The Vice-president of the Borden Company hastens to inform the public that “Whatever adjustments are allowed, the industry will take advantage of them, because it has been too hard hit not to welcome this easement of a difficult situation.”

The difficulties of the Borden Company resolve themselves into the aforementioned eleven and a half per cent profits on the market value of its stock.

The price-raising order of the OPA which applies to milk in the New York, Chicago and Duluth-Superior areas, will soon be extended to include Boston and other Massachusetts districts, Denver, Si Louis, Toledo, Memphis, Louisville, Kansas City and areas in Indiana.

Higher prices for milk will, of course, affect the already exorbitant prices of butter and cheese. Furthermore, there is talk in Washington about reducing the butter-fat content of fluid milk, thus giving the consumer even less food value for the twenty per cent increase in price.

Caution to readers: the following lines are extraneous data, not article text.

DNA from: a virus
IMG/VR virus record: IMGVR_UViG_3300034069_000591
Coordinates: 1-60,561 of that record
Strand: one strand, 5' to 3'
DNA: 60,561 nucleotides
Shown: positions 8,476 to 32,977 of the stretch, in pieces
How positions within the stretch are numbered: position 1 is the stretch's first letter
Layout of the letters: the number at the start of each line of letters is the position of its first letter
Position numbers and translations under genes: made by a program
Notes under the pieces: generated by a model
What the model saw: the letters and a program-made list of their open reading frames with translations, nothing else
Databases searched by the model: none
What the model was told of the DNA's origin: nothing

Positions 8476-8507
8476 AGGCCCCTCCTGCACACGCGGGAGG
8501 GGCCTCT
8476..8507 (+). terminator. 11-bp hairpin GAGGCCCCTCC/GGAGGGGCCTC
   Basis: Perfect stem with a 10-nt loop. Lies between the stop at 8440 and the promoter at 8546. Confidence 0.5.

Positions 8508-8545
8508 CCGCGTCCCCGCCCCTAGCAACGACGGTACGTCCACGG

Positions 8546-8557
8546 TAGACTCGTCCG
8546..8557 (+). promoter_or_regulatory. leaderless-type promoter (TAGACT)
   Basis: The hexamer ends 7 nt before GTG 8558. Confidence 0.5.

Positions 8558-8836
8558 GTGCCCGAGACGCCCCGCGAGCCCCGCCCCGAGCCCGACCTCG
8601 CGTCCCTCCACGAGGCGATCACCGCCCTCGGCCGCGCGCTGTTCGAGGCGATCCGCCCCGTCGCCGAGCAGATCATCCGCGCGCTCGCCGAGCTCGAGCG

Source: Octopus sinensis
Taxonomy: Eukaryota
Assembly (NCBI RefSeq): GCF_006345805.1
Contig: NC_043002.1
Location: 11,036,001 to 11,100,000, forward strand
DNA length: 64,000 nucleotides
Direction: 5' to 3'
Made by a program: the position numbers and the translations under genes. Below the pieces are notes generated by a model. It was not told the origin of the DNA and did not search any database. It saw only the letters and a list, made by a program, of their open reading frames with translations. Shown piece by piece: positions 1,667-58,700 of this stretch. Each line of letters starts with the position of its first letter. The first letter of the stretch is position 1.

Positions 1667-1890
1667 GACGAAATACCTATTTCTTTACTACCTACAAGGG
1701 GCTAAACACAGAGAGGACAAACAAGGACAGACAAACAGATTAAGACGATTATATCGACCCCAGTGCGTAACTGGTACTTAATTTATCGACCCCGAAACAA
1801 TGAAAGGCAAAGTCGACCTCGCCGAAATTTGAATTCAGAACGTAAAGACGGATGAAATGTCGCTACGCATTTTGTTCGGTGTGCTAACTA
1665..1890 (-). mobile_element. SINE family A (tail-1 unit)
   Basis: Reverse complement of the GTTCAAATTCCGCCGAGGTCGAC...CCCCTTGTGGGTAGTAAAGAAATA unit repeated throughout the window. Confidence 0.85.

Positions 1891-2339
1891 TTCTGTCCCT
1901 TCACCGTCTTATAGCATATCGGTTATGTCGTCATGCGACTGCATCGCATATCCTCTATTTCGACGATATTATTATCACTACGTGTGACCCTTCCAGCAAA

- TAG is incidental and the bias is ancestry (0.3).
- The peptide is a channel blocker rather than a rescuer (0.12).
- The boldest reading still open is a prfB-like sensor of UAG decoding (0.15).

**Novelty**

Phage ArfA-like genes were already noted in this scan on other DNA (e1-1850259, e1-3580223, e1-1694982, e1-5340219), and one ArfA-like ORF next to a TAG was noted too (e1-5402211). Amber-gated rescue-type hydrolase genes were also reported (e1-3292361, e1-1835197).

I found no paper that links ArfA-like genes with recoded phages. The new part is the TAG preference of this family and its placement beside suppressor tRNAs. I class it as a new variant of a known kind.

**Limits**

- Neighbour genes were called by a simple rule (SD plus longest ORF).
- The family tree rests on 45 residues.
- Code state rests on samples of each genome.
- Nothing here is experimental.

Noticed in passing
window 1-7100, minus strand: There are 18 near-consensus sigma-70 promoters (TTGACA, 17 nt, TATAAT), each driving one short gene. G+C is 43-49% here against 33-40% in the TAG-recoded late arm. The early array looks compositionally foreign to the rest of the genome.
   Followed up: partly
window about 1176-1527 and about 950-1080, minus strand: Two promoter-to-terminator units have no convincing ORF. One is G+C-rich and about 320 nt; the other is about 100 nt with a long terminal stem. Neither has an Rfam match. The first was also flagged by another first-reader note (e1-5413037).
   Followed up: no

The Department of Agriculture – Mr. Wickard’s bailiwick – in 1941 issued a statement that scarcely one family in four had a diet that measured up to a satisfactory level. Will increasing the price and decreasing the quality of milk improve this alarming situation in 1943 – which was already worse in 1942 than in 1941?

The ten per cent increase in the price of wheat flour just allowed by the OPA will also be passed on to the consumer – in spite of Mr. Wickard’s fancy plan to keep bread prices the same. Just whom is he trying to fool? Wickard bread will contain less sugar, milk and fat. And if it will be sold unsliced, that will constitute an element of waste. Every housewife knows that slicing bread at home involves considerable waste. Neither will putting a few vitamin pills more into the flour make up for the decrease in the food value of bread. Honest doctors and dietitians are exploding the idea that pills can take the place of vitamins in their organic form as contained in food. Price of Bread

But the big baking companies are by no means satisfied with these “minor” ways of robbing the consumer. They will not pass up the opportunity for an outright boost in the price of bread afforded them by the OPA increase in the price of wheat flour. Big business bakers are right on the job pushing with all their might for higher bread prices.